Spitfire. Surely one of the most, if not the most, evocative proper nouns of last 75 years. I’m sure you’re familiar with two of the three variants of Spitfire available from the United Kingdom.
First, we offer the Triumph Spitfire: 320,000 produced between 1962 and 1980, engine ranging from 1.3 litre to 1.5 litre, eventually maxing out at 71 bhp and 100 mph. The swing axle rear suspension on the earlier versions assured that it would be entertaining to drive in certain circumstances. The owner’s manual didn’t spell out exactly what those were; it was up to the owner’s to make that discovery for themselves.
Also available, at a slightly greater price, the Supermarine Spitfire: 20,351 produced between 1936 and 1948; engine ranging from the 27 litre Rolls-Royce Merlin to the 37 litre Rolls-Royce Griffon engine, eventually maxing out at 1860 bhp and 371 mph. Arguably, the most beautiful aircraft ever built. And my Uncle was a draughtsman at Supermarine during the development.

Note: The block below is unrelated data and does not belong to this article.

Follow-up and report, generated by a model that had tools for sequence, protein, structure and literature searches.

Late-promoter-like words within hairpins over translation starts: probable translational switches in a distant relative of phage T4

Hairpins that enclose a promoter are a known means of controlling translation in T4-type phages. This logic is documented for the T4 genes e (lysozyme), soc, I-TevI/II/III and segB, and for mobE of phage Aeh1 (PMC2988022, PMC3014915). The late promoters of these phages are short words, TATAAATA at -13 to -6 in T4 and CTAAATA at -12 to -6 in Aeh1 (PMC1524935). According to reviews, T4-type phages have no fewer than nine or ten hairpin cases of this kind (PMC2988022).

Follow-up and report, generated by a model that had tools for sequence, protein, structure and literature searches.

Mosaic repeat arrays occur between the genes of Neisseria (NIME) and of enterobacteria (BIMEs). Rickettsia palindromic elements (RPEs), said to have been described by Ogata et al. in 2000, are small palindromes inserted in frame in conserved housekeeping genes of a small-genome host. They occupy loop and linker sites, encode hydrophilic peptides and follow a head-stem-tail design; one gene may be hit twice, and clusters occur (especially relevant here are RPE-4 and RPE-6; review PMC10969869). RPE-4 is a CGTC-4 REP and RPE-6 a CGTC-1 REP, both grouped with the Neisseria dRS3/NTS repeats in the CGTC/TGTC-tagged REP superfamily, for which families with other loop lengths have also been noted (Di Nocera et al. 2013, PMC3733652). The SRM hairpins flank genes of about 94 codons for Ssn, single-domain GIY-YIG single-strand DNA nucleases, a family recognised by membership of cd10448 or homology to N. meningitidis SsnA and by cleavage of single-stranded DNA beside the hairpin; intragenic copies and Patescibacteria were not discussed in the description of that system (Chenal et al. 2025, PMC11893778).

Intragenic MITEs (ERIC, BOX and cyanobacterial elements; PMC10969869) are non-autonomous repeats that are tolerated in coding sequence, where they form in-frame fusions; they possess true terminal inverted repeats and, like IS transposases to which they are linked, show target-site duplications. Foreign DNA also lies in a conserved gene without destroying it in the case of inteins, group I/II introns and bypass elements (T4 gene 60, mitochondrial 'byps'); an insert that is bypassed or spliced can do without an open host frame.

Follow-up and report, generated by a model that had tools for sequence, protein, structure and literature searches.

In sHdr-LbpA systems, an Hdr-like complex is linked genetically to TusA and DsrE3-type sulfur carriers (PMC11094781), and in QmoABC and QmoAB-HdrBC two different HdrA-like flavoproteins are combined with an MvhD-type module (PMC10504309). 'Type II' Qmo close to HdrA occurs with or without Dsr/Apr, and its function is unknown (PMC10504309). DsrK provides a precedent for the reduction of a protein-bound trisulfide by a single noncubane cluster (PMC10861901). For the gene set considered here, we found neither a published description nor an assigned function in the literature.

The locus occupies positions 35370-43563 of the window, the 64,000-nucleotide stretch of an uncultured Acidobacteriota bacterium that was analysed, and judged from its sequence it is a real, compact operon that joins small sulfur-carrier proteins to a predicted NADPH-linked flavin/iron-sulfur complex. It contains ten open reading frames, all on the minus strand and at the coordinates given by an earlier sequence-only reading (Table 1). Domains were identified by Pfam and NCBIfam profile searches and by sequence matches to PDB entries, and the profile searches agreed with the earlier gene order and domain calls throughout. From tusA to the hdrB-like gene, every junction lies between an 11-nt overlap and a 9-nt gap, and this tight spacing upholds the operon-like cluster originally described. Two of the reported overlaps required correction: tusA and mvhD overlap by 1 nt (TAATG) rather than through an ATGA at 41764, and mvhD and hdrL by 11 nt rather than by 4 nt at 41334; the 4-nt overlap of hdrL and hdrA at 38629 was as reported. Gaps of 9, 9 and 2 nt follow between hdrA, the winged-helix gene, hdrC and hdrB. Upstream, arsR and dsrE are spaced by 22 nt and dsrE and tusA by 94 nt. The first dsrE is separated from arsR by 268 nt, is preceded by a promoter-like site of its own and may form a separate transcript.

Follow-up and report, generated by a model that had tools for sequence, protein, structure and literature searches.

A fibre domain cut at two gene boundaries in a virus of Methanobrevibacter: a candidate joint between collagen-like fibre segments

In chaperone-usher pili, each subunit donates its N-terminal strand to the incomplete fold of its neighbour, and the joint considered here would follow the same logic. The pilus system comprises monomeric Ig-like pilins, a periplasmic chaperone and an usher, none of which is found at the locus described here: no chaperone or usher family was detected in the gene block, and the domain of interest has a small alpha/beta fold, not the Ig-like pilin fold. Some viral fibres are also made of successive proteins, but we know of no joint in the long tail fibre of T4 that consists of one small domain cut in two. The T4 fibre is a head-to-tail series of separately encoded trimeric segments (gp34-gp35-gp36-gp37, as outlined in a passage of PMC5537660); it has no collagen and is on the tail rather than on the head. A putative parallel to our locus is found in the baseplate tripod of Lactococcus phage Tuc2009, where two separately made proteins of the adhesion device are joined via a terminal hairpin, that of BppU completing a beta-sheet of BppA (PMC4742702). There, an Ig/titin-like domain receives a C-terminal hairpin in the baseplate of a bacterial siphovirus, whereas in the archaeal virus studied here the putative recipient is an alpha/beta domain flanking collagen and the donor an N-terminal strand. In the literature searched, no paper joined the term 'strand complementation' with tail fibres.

Incidentally, Reginald (R J) Mitchell’s response when he heard the name Spitfire had been chosen? “Typical bloody stupid name they’d (sales guys?Ministry?) would choose”
Or, maybe, Shepherd Neame Spitfire: a classic Kentish hop ale, first brewed to mark the 50th anniversary of the Battle of Britain, in 1990, and now one of the leading brands of premium British ale. You can imagine the advertising – one slogan actually was “Downed all over Kent, like the Luftwaffe!”
So, for a light-hearted QOTD for 1 April, which Spitfire do you prefer?
Just remember, please, not to mix the third with the first or second.